I. Solve and end the Israeli-Arab conflict. An equitable solution to the Arab-Israeli conflict, particularly the Israeli-Palestinian crisis, is linked directly and indirectly to diminishing international terrorism. It is an illusion to suggest that we can win the campaign against terrorism without finding a solution to the Arab-Israeli conflict acceptable to all parties. The two prerequisites are for the Palestinians to abandon their demands for repatriation of the refugees and for Israel to relinquish nearly all of the West Bank. The role of the United States remains pivotal to any future negotiation. As long as this conflict continues, it ignites a tremendous emotional charge that fuels other Arab terrorist groups.

2. Create a national energy independence strategy. We must develop a national energy independence strategy that will free us from our addiction to Arab oil and thereby our being beholden to Arab regimes, especially that of Saudi Arabia and other Gulf states. Because it is a strategic asset, we have been forced to protect Arab oil and the price we have paid has been extremely high, not just materially, but in the heavy toll in human lives we continue to pay, as exemplified by the first and now second Iraqi war. We can also look forward to oil wells and oil installations being seen by terrorists as targets of choice, to be destroyed for the express purpose of disrupting supplies, as witnessed by the recent attacks at Yanbu and Khobar in Saudi Arabia, which shot up the price of oil to more than $42 a barrel. This is only the beginning, with worse to come.

3. Focus on sustainable development. As long as poverty remains rampant around the globe–today, more than 2 billion people live below the poverty line (earning less than $2 a day), mostly in Africa and Asia, and are disabled by disease, hunger, and illiteracy–millions will be open to recruitment from terrorist organizations. The United States must sponsor large-scale sustainable development projects through multiple NGOs in developing and under-developed nations to ease poverty and restore human dignity. If we found $200 billion to spend in Iraq on an uncertain venture, we’d better find half that amount to lift scores of nations from their misery and prevent terrorist groups from dipping into a bottomless well of ready recruits.

4. Make a commitment to multilateralism. The war on terrorism cannot be won singlehandedly. Our debacle in Iraq has demonstrated the shortcomings of unilateralism. The future security of the international community rests on the collective effort of the nations, although the United States can, indeed should, take the lead. The administration must now commit itself to multilateralism and restore relations with our allies and work with the UN Security Council to enhance international security. That does not mean we cannot use force unilaterally and preemptively to protect our national security interests; what it means is that we must first demonstrate our credible concerns, genuinely exhaust all options before taking military action, and, finally, act with transparency.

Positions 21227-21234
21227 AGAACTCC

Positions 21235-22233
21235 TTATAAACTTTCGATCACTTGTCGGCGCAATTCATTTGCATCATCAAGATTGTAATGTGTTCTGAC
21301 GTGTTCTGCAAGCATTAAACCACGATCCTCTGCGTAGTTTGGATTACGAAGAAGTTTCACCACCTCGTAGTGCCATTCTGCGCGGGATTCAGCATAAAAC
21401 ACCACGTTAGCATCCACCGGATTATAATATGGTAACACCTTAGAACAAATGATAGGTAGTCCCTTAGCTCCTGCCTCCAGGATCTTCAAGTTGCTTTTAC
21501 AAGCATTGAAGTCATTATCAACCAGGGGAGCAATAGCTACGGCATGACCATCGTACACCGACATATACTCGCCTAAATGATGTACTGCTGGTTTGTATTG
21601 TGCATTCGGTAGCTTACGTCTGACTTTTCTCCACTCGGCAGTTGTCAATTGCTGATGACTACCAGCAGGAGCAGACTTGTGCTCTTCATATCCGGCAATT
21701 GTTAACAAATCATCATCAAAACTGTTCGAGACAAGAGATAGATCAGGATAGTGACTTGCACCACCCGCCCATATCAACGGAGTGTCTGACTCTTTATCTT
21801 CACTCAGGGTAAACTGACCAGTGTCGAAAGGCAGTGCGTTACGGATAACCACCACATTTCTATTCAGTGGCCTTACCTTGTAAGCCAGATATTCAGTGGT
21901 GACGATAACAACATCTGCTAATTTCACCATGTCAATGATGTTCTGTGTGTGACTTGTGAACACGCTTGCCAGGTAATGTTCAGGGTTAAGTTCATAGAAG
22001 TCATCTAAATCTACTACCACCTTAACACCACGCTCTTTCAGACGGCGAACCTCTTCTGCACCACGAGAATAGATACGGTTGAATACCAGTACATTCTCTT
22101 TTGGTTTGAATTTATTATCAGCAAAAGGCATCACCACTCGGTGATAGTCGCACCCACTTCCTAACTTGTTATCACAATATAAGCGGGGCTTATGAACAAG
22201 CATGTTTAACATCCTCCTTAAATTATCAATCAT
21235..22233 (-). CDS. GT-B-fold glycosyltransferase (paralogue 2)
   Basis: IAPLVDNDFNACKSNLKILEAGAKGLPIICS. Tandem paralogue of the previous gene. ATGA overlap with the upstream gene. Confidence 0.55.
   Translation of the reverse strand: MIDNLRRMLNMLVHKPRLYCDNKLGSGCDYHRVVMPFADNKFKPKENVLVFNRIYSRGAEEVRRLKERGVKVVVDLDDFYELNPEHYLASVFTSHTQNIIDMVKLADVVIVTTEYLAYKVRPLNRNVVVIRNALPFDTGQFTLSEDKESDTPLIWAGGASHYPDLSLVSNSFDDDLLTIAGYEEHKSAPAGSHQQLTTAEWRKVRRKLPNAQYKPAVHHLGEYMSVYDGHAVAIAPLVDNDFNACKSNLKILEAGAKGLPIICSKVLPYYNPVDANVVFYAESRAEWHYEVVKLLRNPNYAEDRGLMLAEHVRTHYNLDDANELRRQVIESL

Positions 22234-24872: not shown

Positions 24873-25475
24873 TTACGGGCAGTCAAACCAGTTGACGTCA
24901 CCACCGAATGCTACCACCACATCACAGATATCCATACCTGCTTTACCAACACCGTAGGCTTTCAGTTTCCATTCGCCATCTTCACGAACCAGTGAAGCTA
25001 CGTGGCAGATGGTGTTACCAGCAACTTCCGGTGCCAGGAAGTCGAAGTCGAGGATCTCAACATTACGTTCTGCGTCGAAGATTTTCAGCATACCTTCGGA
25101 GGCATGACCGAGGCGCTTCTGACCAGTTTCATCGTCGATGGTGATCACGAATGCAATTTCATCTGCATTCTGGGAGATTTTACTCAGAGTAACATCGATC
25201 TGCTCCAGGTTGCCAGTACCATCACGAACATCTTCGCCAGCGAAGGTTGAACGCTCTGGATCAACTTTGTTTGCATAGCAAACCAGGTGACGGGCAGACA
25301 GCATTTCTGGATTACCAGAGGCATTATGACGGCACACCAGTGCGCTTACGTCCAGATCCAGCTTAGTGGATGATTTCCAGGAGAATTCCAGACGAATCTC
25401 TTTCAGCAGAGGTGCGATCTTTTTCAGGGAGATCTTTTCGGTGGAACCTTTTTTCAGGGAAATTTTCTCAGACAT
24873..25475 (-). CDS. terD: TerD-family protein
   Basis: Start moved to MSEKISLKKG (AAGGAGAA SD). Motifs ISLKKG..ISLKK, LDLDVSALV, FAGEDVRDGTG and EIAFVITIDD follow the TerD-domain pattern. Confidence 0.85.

5. Provide assistance for counter-terrorism. Since the war on terrorism is global, we must provide equipment and training to nations willing to cooperate with us but with limited financial resources to act effectively on their own. Many such nations, including Malaysia, Singapore, Indonesia, Yemen, and even wealthier countries like Canada, are starving for funds to buy new equipment, train intelligence personnel, augment electronic intelligence gathering, and upgrade other counter-terrorist activities. Our unwillingness to provide such assistance deprives us of crucial intelligence data with all its human and economic implications.

6. Reorganize our intelligence agencies. The United States may have one of the world’s better intelligence operations, but our agencies still failed to uncover the plot that led to 9/11 and grossly mis-assessed whether Iraq had amassed weapons of mass destruction. Many inadequacies related to our intelligence gathering, and the analyzing and sharing of information, continue to plague our intelligence community. Especially, there are problems due to the plethora of intelligence agencies and the lack of coordination among them. The Congressional Committee on Intelligence that has completed its examination of our intelligence failures concerning 9/11 is soon expected to release a scathing report. This, coupled with the resignation of CIA Director Tenet, may spur a complete reorganization, leading to the consolidation of most of our intelligence agencies into one unit. A priority in any reorganization would be to shield our intelligence from political influence.